Learning To Love The Limitations Of Your Art Style – A Ramble

2017-artwork-when-something-is-incompatible-with-your-art-style

Although none of the paintings that I’ll be talking about will be posted here in full for a month or two, I thought that I’d talk about a time when I tried to make a type of art that was incompatible with my own art style.

Basically, after watching quite a few episodes of the ITV adaptation of “Poirot” on DVD, I wanted to make some art that was set in similar kinds of locations. I wanted to make 1920s/30s-style art, with Art Deco architecture, vintage fashions and a slightly decadent atmosphere.

After all, I knew how to make new types of art inspired by cool things that I’ve seen. But, despite two attempts at this, I failed.

It was only a while later that I realised why, everything about my own art style was the opposite of the type of art that I was trying to make. The type of art that I wanted to make was bright, highly minimalist and almost modern/timeless in style.

However, my own art style and aesthetic preferences include things like giving the impression of lots of detail, gloomy locations , a focus on the more recent past (eg: the 1980s and 1990s) etc…. Although I probably could make the type of “art deco” art that I’d wanted to make, I’d probably feel like it wasn’t really “my” kind of art.

My kind of art looks a bit more like this:

 This is a reduced-size preview of a painting that is slightly more typical of my style, the full painting will be posted here on the 11th June.

This is a reduced-size preview of a digitally-edited painting that is slightly more typical of my style, the full painting will be posted here on the 11th June.

The only way I could even try to make the 1920s/30s style art that I wanted to make was to add a lot of my own style to it, to change the lighting and to change the detail levels to something more in line with the type of art that I usually enjoy making.

Here is a reduced-size preview of the best of the two paintings in this style that I attempted to make. It looks more like something from the 1990s than the 1920s, and it looks considerably gloomier than the things that inspired it:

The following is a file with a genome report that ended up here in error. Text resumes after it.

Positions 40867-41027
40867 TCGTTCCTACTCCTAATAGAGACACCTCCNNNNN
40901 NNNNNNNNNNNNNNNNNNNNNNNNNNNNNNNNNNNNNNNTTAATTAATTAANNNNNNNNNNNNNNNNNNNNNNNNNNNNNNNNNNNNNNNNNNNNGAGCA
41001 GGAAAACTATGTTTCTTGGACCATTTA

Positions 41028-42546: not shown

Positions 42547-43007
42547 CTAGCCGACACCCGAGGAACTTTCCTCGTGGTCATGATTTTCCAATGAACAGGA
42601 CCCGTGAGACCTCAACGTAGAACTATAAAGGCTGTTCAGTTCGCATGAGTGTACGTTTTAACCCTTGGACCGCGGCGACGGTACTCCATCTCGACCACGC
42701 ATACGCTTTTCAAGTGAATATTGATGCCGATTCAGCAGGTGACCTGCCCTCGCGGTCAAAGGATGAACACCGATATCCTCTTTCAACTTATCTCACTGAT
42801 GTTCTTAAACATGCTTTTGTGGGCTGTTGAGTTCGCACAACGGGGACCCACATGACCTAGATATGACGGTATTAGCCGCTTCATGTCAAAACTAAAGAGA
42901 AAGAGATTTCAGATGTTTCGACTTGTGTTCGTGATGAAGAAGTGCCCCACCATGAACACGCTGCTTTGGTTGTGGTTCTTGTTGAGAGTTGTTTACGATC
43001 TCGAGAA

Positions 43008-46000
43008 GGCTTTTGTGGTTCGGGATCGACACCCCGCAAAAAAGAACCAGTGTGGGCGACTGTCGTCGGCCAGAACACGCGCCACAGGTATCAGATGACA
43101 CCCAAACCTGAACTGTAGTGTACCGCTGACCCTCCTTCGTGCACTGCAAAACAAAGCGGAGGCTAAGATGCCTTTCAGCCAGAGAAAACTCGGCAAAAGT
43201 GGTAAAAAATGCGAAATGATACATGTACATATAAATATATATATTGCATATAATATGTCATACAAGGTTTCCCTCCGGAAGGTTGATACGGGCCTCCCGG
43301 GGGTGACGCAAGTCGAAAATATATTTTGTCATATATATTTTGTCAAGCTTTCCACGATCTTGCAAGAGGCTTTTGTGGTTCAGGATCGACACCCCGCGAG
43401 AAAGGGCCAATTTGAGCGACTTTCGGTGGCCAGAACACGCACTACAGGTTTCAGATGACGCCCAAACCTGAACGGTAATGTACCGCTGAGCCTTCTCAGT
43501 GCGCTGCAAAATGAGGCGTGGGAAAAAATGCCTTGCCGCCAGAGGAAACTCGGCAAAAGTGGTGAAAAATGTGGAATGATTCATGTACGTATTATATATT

The full-size painting will be posted here in late May. The other one will be posted here on the 9th June, and doesn't really look as good.

The full-size painting will be posted here in late May. The other one will be posted here on the 9th June, and doesn’t really look as good.

One of the problems with developing a unique art style (eg: how you draw people, buildings etc..) and/or a unique aesthetic (eg: how you use colours, lighting, patterns etc..) is that it’s going to limit what you can and cannot make. For example, if your art style/aesthetic is very bright and whimsical, then you’re probably not going to be great at making gloomy gothic art and vice versa.

But, this isn’t the giant problem that you might think it is. Your limitations can actually improve your art. After all, trying to make another type of art fit into your own “style” will make your art look more unique. It’ll make it stand out from the things that have inspired you.

Plus, finding a type of art that you can’t make because of your art style may possible also be a sign that you’ve actually found your own style. Of course, it could also be a sign that you need more practice but, if you feel like you could technically make the kind of art that has inspired you but would feel like it wouldn’t quite be “right”, then it’s probably a sign that you’ve found your own style.

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Sorry for the rambling article, but I hope it was interesting 🙂

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